United States District Court, E.D. New York
IN RE AMERICAN EXPRESS ANTI-STEERING RULES ANTITRUST LITIGATION
AMERICAN EXPRESS COMPANY and AMERICAN EXPRESS TRAVEL RELATED SERVICES COMPANY, INC, Defendants. This Document Relates to The Consolidated Class Action ANIMAL LAW, INC., IL FORNO, INC., ITALIAN COLORS RESTAURANT, JASA INC., LOPEZ-DEJONGE, INC., PLYMOUTH OIL CORP. d/b/a LIBERTY GAS STATION, CLAM LAKE PARTNERS, LLC, QWIK LUBE, LLC, and LAJOLLA AUTO TECH, INC, on behalf of themselves and all others similarly situated, Plaintiffs,
MEMORANDUM & ORDER
NICHOLAS G. GARAUFIS, UNITED STATES DISTRICT JUDGE.
bring claims against Defendants American Express Company and
American Express Travel Related Services Company, Inc.
(together, "Amex") on behalf of two putative
classes: (1) a class of merchants who accept Amex cards
pursuant to a Card Acceptance Agreement ("CAA")
with Amex (the "Amex Class"); and (2) a class of
merchants who do not accept Amex cards and who have no
contract with Amex (the "Non-Amex Class").
(See Second Amended Consolidated Class Action
Complaint ("SAC") (Dkt. 864).) Currently pending
before the court are two motions: (1) Amex's motion to
stay proceedings and compel arbitration of all the Amex
Class's claims; and (2) Amex's motion to dismiss all
of the Non-Amex Class's claims under Federal Rules of
Procedure 12(b)(1) and 12(b)(6). (See Mot. to Compel
& Mot. to Dismiss ("Mot.") (Dkt. 875).)
following reasons, Amex's motion to compel arbitration is
GRANTED and its motion to dismiss is GRANTED as to the
action challenges non-discrimination provisions (the
"Anti-Steering Rules") contained in the CAAs. (SAC
¶ 1.) Plaintiffs allege that the Anti-Steering Rules
unreasonably restrain interbrand price competition among
general purpose credit and charge card networks ("credit
card networks") because they: "(1) stifle
competition among the networks; (2) impose supracompetitive
merchant fees, with corresponding offsetting credit card user
economic benefits; (3) increase the overall price of credit
card transactions above competitive levels; and (4) raise
consumer retail prices throughout the country, thereby
reducing output." (Id.)
background of this case-including the procedural history, the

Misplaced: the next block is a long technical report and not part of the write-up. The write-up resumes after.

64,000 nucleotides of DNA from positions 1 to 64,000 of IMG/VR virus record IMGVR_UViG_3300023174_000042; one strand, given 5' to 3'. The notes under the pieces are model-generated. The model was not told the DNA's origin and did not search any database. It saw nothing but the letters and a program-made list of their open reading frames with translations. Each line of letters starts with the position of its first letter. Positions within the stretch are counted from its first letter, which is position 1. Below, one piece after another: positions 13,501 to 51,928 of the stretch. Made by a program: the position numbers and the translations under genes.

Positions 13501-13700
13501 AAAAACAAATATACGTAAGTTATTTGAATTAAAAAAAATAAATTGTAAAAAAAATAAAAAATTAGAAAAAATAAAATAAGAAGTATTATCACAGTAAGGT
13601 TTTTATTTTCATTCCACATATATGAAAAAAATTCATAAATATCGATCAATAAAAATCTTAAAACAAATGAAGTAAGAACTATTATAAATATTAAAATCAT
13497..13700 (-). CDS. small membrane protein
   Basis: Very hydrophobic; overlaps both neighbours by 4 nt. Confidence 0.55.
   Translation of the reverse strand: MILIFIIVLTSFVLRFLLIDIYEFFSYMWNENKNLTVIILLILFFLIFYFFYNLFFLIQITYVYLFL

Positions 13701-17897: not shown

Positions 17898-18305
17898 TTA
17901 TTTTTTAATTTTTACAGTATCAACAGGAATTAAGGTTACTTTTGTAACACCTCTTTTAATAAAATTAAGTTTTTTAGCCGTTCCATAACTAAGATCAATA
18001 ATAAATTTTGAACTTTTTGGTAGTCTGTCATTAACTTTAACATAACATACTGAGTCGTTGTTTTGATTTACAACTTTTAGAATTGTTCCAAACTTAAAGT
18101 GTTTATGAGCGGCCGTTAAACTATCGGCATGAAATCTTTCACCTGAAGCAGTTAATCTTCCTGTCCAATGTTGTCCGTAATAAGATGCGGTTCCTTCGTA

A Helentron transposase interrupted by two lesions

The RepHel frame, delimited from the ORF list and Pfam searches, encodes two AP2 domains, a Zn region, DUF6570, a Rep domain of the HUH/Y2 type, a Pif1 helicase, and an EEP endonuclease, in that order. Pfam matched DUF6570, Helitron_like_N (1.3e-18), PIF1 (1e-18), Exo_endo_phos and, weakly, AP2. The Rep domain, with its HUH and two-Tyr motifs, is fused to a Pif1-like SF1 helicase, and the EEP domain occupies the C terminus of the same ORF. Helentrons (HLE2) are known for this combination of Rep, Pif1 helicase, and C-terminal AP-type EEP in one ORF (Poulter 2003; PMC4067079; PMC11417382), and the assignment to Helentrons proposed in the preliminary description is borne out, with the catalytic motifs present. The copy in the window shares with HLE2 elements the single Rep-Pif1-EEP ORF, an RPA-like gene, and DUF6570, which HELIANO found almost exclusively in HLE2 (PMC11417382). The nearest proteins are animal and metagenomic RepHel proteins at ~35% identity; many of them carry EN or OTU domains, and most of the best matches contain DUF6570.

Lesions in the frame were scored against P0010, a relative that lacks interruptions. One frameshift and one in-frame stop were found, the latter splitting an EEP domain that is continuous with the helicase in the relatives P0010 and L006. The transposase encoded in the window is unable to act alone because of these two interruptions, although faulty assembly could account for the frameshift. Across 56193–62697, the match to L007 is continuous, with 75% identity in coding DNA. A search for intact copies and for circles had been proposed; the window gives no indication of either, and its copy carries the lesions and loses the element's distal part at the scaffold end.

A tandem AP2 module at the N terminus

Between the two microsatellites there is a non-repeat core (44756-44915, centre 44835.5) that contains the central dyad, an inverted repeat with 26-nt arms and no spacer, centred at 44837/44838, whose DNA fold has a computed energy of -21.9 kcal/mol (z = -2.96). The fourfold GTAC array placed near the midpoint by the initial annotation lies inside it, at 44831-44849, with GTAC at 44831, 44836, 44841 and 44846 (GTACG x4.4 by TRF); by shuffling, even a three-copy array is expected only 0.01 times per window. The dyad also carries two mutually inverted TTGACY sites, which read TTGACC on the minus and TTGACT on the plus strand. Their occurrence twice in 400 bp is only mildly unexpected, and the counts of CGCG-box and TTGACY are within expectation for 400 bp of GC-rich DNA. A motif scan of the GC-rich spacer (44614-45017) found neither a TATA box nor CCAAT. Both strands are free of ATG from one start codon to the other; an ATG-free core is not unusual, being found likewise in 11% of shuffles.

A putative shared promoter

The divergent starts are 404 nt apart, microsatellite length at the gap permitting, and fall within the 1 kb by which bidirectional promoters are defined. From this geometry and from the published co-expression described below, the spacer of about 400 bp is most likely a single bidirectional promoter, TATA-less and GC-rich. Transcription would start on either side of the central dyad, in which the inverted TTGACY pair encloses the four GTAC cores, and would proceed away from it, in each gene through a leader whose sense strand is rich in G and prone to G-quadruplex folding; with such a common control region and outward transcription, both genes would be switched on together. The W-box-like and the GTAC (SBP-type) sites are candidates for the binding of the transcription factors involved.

restraints on competition, the workings of the credit-card
market in general, and Amex's platform in particular,
etc.-have been discussed at great length in this court's
previous opinions in this matter and in the related case
brought by the federal government. See In re Am.
Exp. Anti-Steering Rules Antitrust Litig.. 361 F.Supp.3d
324, 331-34 (E.D.N.Y. 2019); In re Am. Exp. Anti-Steering
Rules Antitrust Litig.. No. 1 l-MD-2221 (NGG), 2016 WL
748089, at *l-4 (E.D.N.Y. Jan. 7, 2016); United States v.
Am. Exp. Co. ("U.S. v. Amex"). 88
F.Supp.3d 143, 149-67 (E.D.N.Y. 2015), rev'd.
838 F.3d 179 (2d Cir. 2016), aff'd sub nom. Ohio v.
Am. Exp. Co. ("Ohio"), 138 S.Ct. 2274 (2017).
The court facts and aspects of the procedural history
necessary to introduce and to decide the instant motion are
laid out below.
class representatives fall into two groups. The
representatives of the Amex Class, which accept Amex cards,
are: (1) Animal Land, Inc., a Georgia corporation; (2) II
Forno, Inc., a California corporation; (3) Italian Colors
Restaurant, a California business; (3) Jasa Inc., a Louisiana
corporation; (4) Lopez-Dejonge, Inc., an Alabama corporation;
(5) Plymouth Oil Corp. d/b/a Liberty Gas Station, a
Pennsylvania corporation, and (6) Clam Lake Partners, LLC
(successor in interest to previous class representative
Firefly Air Solutions, LLC), a Minnesota corporation.
(Id. ¶¶ 5-11). The representatives of the
Non-Amex Class, which do not accept Amex cards, are: (1) Qwik
Lube, LCC, a New York corporation and (2) LaJolla Auto Tech,
Inc., a California corporation. (Id. ¶¶
12-13.) Plaintiffs also assert the existence of two
California Subclasses: A California Amex Subclass and a
California Non-Amex Subclass. (Id. ¶ 104(c).)
The California Amex Subclass is represented by II Forno, Inc.
and Italian Colors Restaurant, and the California Non-Amex
Subclass is represented by LaJolla Auto Tech., Inc.
(Id.) All Plaintiffs are merchants. (Id.
American Express Company is a New York corporation.
(Id. ¶ 14.) Defendant American Express Travel
Related Services Company, Inc. is a Delaware corporation with
its principal place of business in New York, New York.
(Id. ¶ 15.) It is a wholly owned subsidiary of
American Express Company. (Id.)
The Relevant Market
lay out two geographic markets: (1) the United States for
Counts One, Two, and Three; and (2) California for Counts
Four and Five. (SAC ¶ 22.) The relevant product market
is the two-sided credit card market, including all
transactions provided by Amex and its competitors,
MasterCard, Discover, and Visa. (Id ¶ 23.)
The Credit Card Industry